Clarke defends BOJ dividend as a legal obligation
The Jamaican Govern-ment is defending its $33-billion dividend payout from the Bank of Jamaica, BOJ, at a time when big financial companies have been persuaded, at the behest of the regulator, to avoid making large distributions to their owners.
Finance Minister Nigel Clarke insists there is no double standard surrounding the BOJ distribution. He argued that corporate dividends are discretionary, whereas BOJ has a legal obligation to fulfil.
In 2019, the three largest financial conglomerates alone paid out around $29 billion to shareholders. But last April, as the pandemic began wreaking havoc on the economy, the central bank got the big institutions to agree to hold back on all dividends. This was later adjusted to make distributions to persons with less than one per cent shareholding, but some companies opted to not pay dividends at all.
The moratorium was supposed to last one year, but was later extended to June of this year.
“The situation is not analogous; it is a legal requirement. It is the law that the central bank pays over dividends and profits that it makes,” said Clarke in response to a Financial Gleaner query on the issue at his post-budget press conference on Thursday.
The BOJ will distribute three years of profit totalling $33 billion to the Consolidated Fund in April. With those funds flowing to the Treasury, it obviated the need to impose new taxes on Jamaicans this year to cover the funding gap in the $830-billion national budget.
The dividend will help to fund the $60-billion SERVE Jamaica project, a growth initiative incorporating vaccination of the population, road building, and support for small and micro businesses.
“Bear in mind, it is the largest single dividend ever paid to the Government of Jamaica from a public entity, and it comes at a time when we need it. It is $33 billion, and just think what activities would not be possible without that dividend,” Clarke said at the briefing.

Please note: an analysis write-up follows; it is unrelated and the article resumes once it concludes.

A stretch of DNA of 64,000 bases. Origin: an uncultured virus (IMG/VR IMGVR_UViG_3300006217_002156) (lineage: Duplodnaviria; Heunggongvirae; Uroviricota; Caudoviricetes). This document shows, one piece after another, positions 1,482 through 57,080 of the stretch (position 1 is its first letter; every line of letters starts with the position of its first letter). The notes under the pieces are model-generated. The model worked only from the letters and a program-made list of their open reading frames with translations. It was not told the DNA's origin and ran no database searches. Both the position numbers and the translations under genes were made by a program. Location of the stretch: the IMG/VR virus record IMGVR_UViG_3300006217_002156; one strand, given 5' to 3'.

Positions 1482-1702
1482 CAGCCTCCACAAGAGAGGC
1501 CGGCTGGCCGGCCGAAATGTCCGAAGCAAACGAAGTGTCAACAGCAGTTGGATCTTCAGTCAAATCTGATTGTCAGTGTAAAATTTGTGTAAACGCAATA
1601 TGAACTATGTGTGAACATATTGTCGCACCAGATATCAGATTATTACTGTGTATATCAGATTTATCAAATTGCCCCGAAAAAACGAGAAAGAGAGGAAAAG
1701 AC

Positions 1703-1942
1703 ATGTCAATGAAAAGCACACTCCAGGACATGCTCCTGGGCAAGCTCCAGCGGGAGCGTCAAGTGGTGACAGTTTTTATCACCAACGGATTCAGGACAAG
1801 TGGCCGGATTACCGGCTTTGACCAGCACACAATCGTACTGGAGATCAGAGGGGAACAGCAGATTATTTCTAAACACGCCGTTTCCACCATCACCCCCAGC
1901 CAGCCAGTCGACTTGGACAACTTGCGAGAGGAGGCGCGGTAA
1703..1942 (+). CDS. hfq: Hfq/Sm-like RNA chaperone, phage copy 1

The finance minister, in his budget presentation, reasoned that central banks are designed to be profitable and pay dividends to the state. He recalled that in prior years the Government of Jamaica owed the BOJ funds, but that the situation changed in 2019 with the restoration of the BOJ’s profitability. It followed a series of measures, including the recapitalisation of the BOJ with a $20-billion injection, and a change of focus by the central bank towards inflation targeting, and less so currency targeting, which Clarke said held hidden fiscal costs.
“At the end of the calendar year 2020, the balance owing to the Government of Jamaica increased further with profits made during the year. The amount BOJ is required by law to distribute to the Consolidated Fund, as confirmed by the BOJ auditors, is now three years of profits that total $33 billion,” said Clarke in his budget presentation.
Next month, when the BOJ Amendment Act comes into force, the dividend regime will be updated. BOJ dividends will not be paid if its capital at the end of its financial year, which falls in December, is less than 5.0 per cent of monetary liabilities, even if the central bank makes a profit during that year. Additionally, if its capital is between 5.0 per cent and 8.0 per cent of monetary liabilities, the dividend will be 25 per cent of profits, and when capital is in excess of monetary liabilities, the dividend will represent 100 per cent of profits.
It’s projected that the central bank’s capital this year, 2021, will amount to 5.0 per cent of its monetary liabilities.